A fascinating question from Andy Marczewski and an even more fascinating explanation by Jane Rees. 

 

Andy was shown this folding ruler, thoughAndt to belong to a carpenter. It has a conventional inch scale on one edge, but on the other side has two different scales.  They are labelled "8 SQUARE"

.IMG 1728 1024x768

 

and "LINE". 

 

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Andy asked if Can anyone  could explain the mysterious scales.  

 

As ever Jane Rees came up with an explanation: 

 

Dear Andy

Your enquiry about the 8 Square line has been passed to me. These are indeed lines used by a woodworker and your rule is what is known as a carpenters’ rule.

The 8 square line, which is actually two lines is also known as the E & M line or the Mastmaker’s scales. These give the dimensions needed to set out an octagon onto a square timber. Without these aids, trigonometry is required – or just trial and error!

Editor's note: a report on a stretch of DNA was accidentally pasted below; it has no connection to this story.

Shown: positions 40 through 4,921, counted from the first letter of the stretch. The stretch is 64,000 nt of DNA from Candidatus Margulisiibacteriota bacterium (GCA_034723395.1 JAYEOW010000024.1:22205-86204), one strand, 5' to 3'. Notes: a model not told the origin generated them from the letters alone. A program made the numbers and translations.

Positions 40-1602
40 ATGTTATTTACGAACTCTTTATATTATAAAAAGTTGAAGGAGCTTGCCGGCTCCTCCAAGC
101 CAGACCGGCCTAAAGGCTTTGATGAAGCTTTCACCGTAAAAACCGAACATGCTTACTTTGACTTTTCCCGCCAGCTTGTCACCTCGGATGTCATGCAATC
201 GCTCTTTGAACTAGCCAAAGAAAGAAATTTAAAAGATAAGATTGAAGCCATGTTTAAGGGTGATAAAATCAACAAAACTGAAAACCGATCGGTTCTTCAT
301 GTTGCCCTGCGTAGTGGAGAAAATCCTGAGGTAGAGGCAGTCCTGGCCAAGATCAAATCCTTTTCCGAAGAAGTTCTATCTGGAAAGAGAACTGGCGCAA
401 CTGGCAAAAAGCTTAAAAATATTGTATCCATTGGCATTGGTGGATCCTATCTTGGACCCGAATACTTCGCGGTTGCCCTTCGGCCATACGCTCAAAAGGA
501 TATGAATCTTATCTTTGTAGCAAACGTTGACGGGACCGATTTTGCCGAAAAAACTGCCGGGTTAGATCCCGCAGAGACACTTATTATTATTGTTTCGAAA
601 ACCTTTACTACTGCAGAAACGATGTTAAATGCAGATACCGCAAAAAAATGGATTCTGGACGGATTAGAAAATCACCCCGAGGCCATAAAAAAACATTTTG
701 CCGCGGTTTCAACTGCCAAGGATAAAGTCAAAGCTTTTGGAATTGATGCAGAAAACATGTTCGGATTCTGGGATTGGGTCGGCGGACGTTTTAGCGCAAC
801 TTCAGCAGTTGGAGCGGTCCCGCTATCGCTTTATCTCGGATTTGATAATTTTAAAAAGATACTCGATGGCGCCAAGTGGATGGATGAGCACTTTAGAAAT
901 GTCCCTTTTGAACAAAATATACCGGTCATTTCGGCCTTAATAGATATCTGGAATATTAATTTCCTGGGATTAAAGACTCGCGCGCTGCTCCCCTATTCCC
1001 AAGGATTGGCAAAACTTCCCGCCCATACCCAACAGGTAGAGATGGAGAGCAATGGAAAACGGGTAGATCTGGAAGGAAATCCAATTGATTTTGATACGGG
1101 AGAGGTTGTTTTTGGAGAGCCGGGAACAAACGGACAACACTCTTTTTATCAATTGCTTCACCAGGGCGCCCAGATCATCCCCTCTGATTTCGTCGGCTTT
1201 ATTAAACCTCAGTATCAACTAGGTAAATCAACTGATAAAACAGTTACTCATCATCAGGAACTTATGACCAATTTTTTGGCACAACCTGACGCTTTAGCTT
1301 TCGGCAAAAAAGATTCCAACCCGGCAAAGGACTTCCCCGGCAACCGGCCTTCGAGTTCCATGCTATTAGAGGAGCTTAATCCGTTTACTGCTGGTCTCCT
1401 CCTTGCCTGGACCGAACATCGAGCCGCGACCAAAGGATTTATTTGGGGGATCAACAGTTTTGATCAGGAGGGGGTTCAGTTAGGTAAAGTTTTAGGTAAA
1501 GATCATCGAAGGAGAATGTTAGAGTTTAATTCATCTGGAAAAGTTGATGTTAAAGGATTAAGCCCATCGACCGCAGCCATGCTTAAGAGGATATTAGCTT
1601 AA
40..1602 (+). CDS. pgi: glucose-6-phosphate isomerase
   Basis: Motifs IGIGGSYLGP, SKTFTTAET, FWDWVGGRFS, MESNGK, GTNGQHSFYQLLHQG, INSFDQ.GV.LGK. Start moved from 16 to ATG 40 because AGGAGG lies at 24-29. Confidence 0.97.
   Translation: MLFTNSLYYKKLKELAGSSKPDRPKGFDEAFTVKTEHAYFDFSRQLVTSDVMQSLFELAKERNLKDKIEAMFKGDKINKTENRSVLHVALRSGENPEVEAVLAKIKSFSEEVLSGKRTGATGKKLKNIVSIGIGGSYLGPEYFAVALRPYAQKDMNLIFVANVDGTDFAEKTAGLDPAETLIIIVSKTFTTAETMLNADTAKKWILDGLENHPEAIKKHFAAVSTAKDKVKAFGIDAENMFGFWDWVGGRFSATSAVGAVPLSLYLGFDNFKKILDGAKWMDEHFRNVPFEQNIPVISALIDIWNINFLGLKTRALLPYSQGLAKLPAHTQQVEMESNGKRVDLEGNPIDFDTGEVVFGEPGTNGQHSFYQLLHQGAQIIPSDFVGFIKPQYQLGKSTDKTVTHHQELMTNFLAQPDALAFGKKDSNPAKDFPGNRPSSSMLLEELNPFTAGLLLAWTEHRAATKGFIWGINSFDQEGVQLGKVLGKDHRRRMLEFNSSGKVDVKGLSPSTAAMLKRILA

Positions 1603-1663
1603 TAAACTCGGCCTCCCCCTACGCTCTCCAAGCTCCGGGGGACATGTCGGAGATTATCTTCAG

The one marked 8 Square on your rule is the edge (E) line (needed to set out the octagon from the edge of a square, and the one marked Line on your rule is the middle (M) line, ended to set out the octagon from the centre of a square. The lines are not complete in themselves but must be placed on the rule to allow the answer to be read off an adjacent line of measure. They are direct reading, i.e. by looking across the rule from the size of square timber on the E or M line, the layout of the octagon, either in from the edge, or out from the middle, can be read off the line of measure.

The attached diagram and photograph show use of the E & M line is used and how you read it off a rule.

Jane  

E M lines 01 2 673x914

 

E M lines 02 2 1024x523

 

Comments   

#1 Andy Marczewski 2017-09-16 13:33
Thanks for the reply.

When making oars, an octagon can be marked out fron a square using a spar gauge.
For example https://newriggedship.files.wordpress.com/2015/06/spar-gauge-1.jpg
The octagon is planed to a round.
Andy M
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